Crazy Little Thing Called Loev

Pop Culture

Crazy Little Thing Called Loev

Illustration: Juergen Dsouza

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here’s a sharp, fleeting sequence in Sudhanshu Saria’s Loev that encapsulates what it means to be a LGBT person in this country.

Sahil and Jai, the protagonists are on their way back from dinner. Jai can’t take his eyes off his partner, and reaches out to lace their fingers together but within seconds, is forced to disentangle. A man is staring at them, observing their interaction closely. But there’s a subtle shift in Jai’s mind: The stranger’s presence makes him reach out again and hold Sahil’s hand more purposefully.

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It’s a blink-and-miss moment, but it speaks volumes about how your choice of sexuality is simultaneously an affront and an act of courage. And it is especially poignant considering we’re in Pride Month, which marks the anniversary of the 1969 Stonewall Riots, considered “the tipping point for the Gay Liberation Movement in the United States”. In India, though, we continue to battle the stigma – on screen and in life.

While watching Loev, I was reminded of the time my visibly annoyed friend met me after a date with another guy. Earlier that evening, a similar situation had unfolded, when his date had dared to link their arms and had attracted strange looks from people around them. My buddy was torn because he neither wanted people to perceive them as a couple, nor hurt the other boy’s feelings. My friend chose to swallow his fear and carry on, but the thought that he could hold the hand of a girl in Mumbai without the same stigma attached, continued to bother him.

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It is only with Loev that I find one is bound to forget that their sexuality is meant to be a well-kept secret.

Courtesy: Loev/ Netflix

This, and other little details come together to guarantee that Loev, a fairly unremarkable tale, is elevated to a momentous film for the Indian queer community. Saria himself described it as a “Post Gay” film. There’s none of the usual conflict regarding coming out, and no one in particular to hide from – except the Censor Board maybe; Loev was released directly to Netflix to bypass any nicks and cuts.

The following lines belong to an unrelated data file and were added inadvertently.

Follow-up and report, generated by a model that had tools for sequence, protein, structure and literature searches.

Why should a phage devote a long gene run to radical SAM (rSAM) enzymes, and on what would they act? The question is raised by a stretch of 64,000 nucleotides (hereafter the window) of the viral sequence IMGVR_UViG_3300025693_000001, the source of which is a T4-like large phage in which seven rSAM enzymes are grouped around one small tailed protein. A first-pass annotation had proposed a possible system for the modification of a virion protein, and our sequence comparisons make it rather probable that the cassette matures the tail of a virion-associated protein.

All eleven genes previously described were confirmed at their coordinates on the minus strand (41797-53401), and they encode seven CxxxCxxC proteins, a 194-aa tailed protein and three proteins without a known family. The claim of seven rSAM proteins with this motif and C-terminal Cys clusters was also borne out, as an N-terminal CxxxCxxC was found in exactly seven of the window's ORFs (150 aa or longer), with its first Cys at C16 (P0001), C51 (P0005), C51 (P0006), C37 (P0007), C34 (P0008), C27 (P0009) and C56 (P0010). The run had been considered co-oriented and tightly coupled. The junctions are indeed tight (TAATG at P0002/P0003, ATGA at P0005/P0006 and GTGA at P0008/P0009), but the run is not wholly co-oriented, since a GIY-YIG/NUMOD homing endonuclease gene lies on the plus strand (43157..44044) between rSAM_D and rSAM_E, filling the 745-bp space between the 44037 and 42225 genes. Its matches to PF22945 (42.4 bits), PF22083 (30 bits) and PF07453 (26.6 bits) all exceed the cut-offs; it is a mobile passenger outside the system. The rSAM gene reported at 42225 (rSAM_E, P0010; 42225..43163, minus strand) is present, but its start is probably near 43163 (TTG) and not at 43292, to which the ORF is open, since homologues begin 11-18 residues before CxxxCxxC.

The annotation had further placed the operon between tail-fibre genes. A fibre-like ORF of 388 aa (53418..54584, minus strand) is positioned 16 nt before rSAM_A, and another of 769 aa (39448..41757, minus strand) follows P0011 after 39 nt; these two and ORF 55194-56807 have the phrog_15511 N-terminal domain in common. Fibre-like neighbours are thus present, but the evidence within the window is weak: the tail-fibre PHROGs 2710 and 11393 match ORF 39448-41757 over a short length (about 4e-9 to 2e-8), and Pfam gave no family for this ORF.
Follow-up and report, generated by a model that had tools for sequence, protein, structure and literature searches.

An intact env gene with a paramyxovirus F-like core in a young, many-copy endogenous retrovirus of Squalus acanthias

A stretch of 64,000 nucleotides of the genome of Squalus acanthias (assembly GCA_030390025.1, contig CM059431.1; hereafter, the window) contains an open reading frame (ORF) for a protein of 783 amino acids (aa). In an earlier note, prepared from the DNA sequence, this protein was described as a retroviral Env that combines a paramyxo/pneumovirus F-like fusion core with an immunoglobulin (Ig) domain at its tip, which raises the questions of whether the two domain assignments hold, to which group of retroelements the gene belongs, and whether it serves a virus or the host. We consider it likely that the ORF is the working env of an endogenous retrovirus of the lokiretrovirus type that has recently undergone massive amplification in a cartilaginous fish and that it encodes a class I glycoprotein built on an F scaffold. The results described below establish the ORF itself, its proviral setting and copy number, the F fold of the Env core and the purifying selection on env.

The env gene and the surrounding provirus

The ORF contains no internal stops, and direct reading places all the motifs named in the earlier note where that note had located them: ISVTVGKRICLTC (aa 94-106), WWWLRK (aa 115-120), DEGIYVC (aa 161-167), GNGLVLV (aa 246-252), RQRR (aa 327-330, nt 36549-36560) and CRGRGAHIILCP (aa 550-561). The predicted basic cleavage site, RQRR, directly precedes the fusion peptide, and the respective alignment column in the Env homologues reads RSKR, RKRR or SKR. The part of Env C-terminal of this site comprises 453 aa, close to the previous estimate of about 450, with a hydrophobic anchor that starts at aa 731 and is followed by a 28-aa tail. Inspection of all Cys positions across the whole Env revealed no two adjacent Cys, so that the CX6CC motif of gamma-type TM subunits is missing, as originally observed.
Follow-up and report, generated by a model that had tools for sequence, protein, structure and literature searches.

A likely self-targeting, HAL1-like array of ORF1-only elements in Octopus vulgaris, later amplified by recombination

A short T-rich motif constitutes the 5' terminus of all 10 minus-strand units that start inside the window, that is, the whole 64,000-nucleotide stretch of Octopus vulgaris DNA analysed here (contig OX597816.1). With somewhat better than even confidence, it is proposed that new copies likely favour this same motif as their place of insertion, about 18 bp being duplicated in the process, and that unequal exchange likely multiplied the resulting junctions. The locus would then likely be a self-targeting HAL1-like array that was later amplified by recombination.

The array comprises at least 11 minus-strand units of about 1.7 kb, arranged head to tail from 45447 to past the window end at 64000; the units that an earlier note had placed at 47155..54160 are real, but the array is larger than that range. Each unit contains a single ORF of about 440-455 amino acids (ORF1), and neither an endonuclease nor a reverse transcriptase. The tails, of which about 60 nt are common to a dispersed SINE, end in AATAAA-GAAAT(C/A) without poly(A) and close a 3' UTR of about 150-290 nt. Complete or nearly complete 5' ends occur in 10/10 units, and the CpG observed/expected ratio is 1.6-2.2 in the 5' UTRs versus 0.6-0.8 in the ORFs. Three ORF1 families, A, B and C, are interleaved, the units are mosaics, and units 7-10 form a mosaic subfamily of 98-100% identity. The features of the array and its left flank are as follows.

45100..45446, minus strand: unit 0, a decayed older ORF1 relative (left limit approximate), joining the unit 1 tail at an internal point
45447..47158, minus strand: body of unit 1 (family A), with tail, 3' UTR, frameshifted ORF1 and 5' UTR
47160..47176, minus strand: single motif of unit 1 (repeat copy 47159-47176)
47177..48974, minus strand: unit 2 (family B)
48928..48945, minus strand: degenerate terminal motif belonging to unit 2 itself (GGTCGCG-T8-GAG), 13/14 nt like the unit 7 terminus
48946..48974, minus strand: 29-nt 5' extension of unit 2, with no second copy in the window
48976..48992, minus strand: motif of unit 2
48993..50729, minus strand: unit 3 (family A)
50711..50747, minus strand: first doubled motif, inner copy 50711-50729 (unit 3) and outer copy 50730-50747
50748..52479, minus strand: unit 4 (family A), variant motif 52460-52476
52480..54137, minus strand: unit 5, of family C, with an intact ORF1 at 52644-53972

Saria is not off the mark. Our track record in portraying gay characters has been less than stellar. Gay characters have been stock props in Bollywood, objects for ridicule and mockery. We’ve had a Fire in the past, though it’s unlikely that in the current socio-political scenario, a movie like it would see a release, especially since the Censor Board and the establishment pretends that homosexuality doesn’t exist. Last year, when Aligarh released, the film’s writer Apoorva Asrani wrote in a Facebook post: “It is soul crushing for a gay person to find the word homosexual muted…” The year before, the CBFC again courted controversy for banning Unfreedom, a film about a same-sex relationship between two women, stating that the film would “ignite ‘unnatural passion’”.

Yet, there is a flicker of hope. In the past we’ve had to accept films like Dostana as progress, but we’ve come a long way since then. Last year’s Kapoor & Sons celebrated a well-rounded gay character, where homosexuality was not even spelt out: It was only meant to be understood. It was a wonderful surprise – surreal even – to think that we could come up with a gay character who was portrayed, not as an outcast, but an affectionate, beer-guzzling, Chinese-cuisine-loving son. And even as the Censor Board tries to smother any traces of queerness from popular cinema, a few short films and web series have quietly been stirring mini revolutions.

In Faraz Ansari’s Sisak, two men struggle to voice their affection for each other, as they live under the insufferable weight of Sec 377. Karishma Dube’s Devi speaks of an affair that’s doubly sinful: homosexual in nature, and dismissive of class divides. In JLT’s web series, The ‘Other’ Love Story, Aanchal and Aadya’s friendship gradually grows into love.

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Last year’s Kapoor & Sons celebrated a well-rounded gay character portrayed by Fawad Khan.

Courtesy: Kapoor & Sons/ Dharma Productions

Sure, even in these stories, the kisses are rushed, sometimes tinged with guilt. There’s always that frightful undercurrent of “What if we are caught?” Even on celluloid, queer couples fall asleep with the fear of waking up to a trembling Kantaben, standing at the foot of their bed. In Devi and The ‘Other’ Love Story, this fear is realised, and the couples have to face the music. It’s awful and it’s strange, that something so ordinary to me and my peers, is beyond the comprehension of those around us.

It is only with Loev that I find one is bound to forget that their sexuality is meant to be a well-kept secret and that it can result in brutal persecution. It is only now that we have characters like Sahil and Jai, or Aadya and Aanchal, to let us know that we aren’t abominations.

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